Likewise as soon as a man is certified dead, he received instantly a covering of textile from head to toes. Even when preparations for burial are made, he or she does not go to grave naked. Textile plays a major role.
Significantly Nigerian, especially people from the south Western state beautify their corpse with valuable textiles not minding the fact that all will rot away in the grave. This is long time tradition among Yoruba. According to history, the earliest date of existence of woven fabrics from Archaeological findings of Igbo Ukwu is 9th Century .A.D. Also the use of cotton, the commonest traditional material for clothes was explored in Benin in 13th Century AD.
In the ancient period, occasion determine the type of fabrics to be used. This is a social concept that gives rise to the necessity and the use of aso-ebi (uniform dressing) culture in Yoruba speaking part of Nigeria especially among the south west people of Nigeria. There are different interpretation given to designs and colours, identified on ancient fabrics. They are indigo which are usually in two shades navy blue or purple, light brown which is sourced from roots of plants, crimson red or pink, white from cotton and the cream white butter coloured fabrics made from the navy blue indigo pigments are worn by three classes of women, those who suffer frequent child loss (abiku) and mourning the death of loved ones. The white colour stands for purity, integrity and distinguishes the users as sacred in most cases the kings and especially in Benin and Ife culture wherever they appear in public to bless people or perform traditional rites. The Ogboni shawl is also woven white, the Olokun priests and priestesses’ cloth in those days is symbol of authority and unadulterated loyalty. The oral tradition has it that chief priest in charge of the gods and shrines are usually clothed in white.
The crimson red or pink aso oke was common among the Yoruba. In the ancient period, it was worn as wedding, naming, chieftaincy ceremonies and other joyous occasion. It was then symbol of blossoming, rides, victory, beauty and accomplishment. They are commonly found among the Ondo, Ileoluji, Owo, Ijebu and other Yoruba speaking areas.
The cream white (buttered colour) aso oke (sanyan) which is sourced from a naphe silk is used for funerary rites. The first cited used of it was to wrap corpses and by the turn of the 20thC, the various cultures that produced them began to use them during funeral ceremonies which is very popular among the Ondo and the Ile-Oluji, idanre etc.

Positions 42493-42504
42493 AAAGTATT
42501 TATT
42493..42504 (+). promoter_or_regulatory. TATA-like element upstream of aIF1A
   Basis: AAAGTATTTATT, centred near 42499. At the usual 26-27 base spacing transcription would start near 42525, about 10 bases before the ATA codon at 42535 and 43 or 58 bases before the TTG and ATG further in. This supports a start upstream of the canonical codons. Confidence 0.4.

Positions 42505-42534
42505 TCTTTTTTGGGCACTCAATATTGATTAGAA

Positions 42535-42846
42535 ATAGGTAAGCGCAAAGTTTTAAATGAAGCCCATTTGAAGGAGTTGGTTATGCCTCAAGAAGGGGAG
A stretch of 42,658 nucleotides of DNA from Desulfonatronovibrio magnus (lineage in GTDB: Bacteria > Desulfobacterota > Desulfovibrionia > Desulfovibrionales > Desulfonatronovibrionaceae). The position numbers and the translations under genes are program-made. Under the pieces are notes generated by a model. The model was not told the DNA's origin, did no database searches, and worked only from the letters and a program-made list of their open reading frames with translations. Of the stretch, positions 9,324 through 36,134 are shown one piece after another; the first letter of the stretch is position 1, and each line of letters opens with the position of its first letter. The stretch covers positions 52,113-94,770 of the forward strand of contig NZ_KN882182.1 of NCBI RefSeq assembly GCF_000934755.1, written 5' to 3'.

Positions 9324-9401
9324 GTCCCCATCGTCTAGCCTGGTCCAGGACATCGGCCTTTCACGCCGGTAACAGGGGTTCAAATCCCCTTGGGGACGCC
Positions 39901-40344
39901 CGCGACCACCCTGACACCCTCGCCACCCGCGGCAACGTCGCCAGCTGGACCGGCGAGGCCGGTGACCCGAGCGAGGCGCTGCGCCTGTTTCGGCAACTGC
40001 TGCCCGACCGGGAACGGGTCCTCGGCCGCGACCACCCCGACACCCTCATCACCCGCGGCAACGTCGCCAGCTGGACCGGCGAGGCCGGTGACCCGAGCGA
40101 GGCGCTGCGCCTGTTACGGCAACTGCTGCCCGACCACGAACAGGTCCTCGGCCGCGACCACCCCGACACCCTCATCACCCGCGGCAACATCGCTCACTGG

The navy blue popular called “Etu” among the Ondo and the Ile-Oluji people of south West Nigeria is reserved for the mature male adults of distinguished achievements in the community but in recent time both male and female use this peculiar weave as ceremonial dresses. Valuably, dressing as a means of identity, personalities such as royal heads (obas, Emirs, Igwes, the Oloris, Chief, Warlord, Hunters e.t.c) and their roles are identified by dressing, this is an aspect of our culture.
In the ancient period, if Aroko (coded message) was sent in white cloth, it meant peace, and when sent red it signified danger, death and calamity. There are different types of Aso ofi, but the three popular ones are Etu, Sanyan and Alaari. The difference among the three types is the colour. While Etu has to do with dark blue with stripes, Sanyan is carton brown with white stripes and Alaari is crimson. Other types include eya, takunsi, damask, silk, cotton, net, metallic, monogramming, wire – to wire, super net, painting, double weaving and cheek. But they are mainly of modern age. Aso ofi is a costly material for the rich in the olden days particularly Sanyan, Alaari and Etu. But the poor ones would put on a typical cloth known as kijipa. Those who wore kijipa were considered lazy. Kijipa was considered as an ideal cloth for the have-nots usually referred to as “borokini” (commoners) because it was rugged and could be used for three or more years. The durability of kijipa made the Yoruba to tag it “akogi –ma –ya” meaning that which is not easily torn. Aso ofi provides the Yoruba an opportunity to express their perception on whether a person is industrious or from a rich family or lazy. Also, the size of Aso ofi is indicative of social status. There is agbada nla (big agbada), which is for chieftains as well as esiki also known as dasiki, which is a short garment with slits on the sides. Though esiki is for fashion in the contemporary days. It used to be worn by commoners in the olden days.